Ghosts of Munster
Dean Ryan compares Northampton's defeat to Munster to the time he went there with Gloucester.
Last Updated: 21/11/11 9:04am
I had the opportunity to return to the famous Thomond Park, home of Munster rugby on Saturday as part of Sky's broadcast team covering the Munster v Northampton fixture.
It was my first chance to come back since the ground had gone through extensive rebuilding and I was keen to see if the modern day facilities had eroded the venue of any of its history.
In recent years Northampton have had a similar relationship with Munster as the Gloucester team of 2002 vintage did in their many Heineken fixtures, with the Irish club being one of the most difficult teams in Europe to triumph over in a pool stage.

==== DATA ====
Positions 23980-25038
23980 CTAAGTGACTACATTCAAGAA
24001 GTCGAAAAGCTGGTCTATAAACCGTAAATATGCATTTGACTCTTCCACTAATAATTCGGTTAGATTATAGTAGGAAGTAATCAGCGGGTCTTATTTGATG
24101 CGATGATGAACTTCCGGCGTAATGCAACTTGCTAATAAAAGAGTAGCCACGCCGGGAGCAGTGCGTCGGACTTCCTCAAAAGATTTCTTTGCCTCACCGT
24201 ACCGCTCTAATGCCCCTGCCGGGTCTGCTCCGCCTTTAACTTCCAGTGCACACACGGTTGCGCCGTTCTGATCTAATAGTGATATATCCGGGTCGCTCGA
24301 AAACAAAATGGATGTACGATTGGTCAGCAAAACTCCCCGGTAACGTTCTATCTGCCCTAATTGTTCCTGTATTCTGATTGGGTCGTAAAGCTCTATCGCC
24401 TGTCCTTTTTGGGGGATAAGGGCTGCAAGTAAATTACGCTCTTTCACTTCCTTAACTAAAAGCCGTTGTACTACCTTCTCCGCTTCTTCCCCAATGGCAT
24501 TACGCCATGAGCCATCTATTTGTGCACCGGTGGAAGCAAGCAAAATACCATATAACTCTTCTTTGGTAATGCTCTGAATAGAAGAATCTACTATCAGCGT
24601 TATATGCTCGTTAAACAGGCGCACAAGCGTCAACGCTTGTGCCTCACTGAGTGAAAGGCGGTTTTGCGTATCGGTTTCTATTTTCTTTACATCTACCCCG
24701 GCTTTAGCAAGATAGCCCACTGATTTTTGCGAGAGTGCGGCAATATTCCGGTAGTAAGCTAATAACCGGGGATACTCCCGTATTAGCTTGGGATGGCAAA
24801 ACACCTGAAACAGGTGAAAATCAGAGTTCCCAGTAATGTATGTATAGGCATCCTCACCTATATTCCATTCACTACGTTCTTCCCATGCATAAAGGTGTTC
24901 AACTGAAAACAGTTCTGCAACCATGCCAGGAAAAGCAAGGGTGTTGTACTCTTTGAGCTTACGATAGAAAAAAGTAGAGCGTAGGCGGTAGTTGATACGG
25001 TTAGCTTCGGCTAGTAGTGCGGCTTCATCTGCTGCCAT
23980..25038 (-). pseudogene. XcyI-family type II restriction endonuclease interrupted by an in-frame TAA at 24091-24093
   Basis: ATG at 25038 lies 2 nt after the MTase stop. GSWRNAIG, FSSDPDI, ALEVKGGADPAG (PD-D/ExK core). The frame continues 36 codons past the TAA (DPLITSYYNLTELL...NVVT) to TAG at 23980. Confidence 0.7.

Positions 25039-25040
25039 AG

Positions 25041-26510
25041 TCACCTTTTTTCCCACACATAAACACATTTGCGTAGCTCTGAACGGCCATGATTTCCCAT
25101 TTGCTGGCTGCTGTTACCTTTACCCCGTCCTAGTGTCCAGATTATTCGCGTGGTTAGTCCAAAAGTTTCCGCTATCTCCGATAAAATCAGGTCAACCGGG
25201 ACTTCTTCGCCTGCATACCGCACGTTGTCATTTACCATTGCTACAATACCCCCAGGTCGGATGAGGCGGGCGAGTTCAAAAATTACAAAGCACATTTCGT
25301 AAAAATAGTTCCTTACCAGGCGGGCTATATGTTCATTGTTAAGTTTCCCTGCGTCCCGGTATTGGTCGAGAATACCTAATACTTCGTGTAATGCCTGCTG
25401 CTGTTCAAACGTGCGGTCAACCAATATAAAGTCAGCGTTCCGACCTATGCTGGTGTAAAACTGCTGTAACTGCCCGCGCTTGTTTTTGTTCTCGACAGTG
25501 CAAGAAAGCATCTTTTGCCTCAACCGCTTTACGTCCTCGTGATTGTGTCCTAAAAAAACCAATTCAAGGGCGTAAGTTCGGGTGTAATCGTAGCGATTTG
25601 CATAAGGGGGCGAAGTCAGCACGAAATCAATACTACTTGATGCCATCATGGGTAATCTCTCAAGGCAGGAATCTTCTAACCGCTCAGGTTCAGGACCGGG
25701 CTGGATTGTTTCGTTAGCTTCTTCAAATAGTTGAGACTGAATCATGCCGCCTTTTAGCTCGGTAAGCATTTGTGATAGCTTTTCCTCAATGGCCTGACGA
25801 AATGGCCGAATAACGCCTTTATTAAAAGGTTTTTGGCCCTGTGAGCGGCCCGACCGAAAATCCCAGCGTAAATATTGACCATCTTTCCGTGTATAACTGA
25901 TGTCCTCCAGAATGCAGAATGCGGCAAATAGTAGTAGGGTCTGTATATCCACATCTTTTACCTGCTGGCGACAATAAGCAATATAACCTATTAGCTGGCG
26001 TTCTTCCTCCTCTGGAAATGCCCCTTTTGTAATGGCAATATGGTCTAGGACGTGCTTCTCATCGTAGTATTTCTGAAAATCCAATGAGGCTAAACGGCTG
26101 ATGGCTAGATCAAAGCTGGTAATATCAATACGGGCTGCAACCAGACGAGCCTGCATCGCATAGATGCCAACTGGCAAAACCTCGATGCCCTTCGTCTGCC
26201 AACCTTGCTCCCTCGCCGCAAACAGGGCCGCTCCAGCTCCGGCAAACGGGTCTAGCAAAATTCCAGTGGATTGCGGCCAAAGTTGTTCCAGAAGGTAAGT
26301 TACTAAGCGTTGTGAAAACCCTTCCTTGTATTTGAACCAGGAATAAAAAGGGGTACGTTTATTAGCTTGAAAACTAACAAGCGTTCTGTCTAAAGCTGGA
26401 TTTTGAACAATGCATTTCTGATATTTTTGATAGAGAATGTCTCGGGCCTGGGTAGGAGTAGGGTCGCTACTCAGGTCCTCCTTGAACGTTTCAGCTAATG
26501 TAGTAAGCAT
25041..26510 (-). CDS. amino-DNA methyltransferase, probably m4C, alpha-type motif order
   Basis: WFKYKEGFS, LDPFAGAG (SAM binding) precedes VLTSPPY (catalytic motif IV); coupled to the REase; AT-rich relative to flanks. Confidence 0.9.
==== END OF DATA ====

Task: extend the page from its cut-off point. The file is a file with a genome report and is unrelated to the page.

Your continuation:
Last year being the only year since 1998 that they haven't progressed to the knockout stages being testimony to that.
But it was the headlines in Sunday's papers that brought a comparison I wasn't expecting.
To see the papers leading with "another miracle match" after Ronan O'Gara's injury time drop goal gave Munster a 23-21 victory it brought back many memories of what it felt like to be part of the "other miracle".
I was part of the coaching team in 2002 with Nigel Melville that took a Gloucester side to Limerick. Riding high in the Premiership and topping our pool after a comprehensive 35-16 victory against Munster at Kingsholm, we were in confident mood.
My only experience of Thomond Park prior to this had been a regional warm up for London many years before and like many others we had no experience to draw on for what was to come.
We were staying in the middle of Limerick, it is often the tactic of travelling teams to immerse themselves in the centre of passionate supporters in an attempt to dilute those first few moments of arrival at the ground.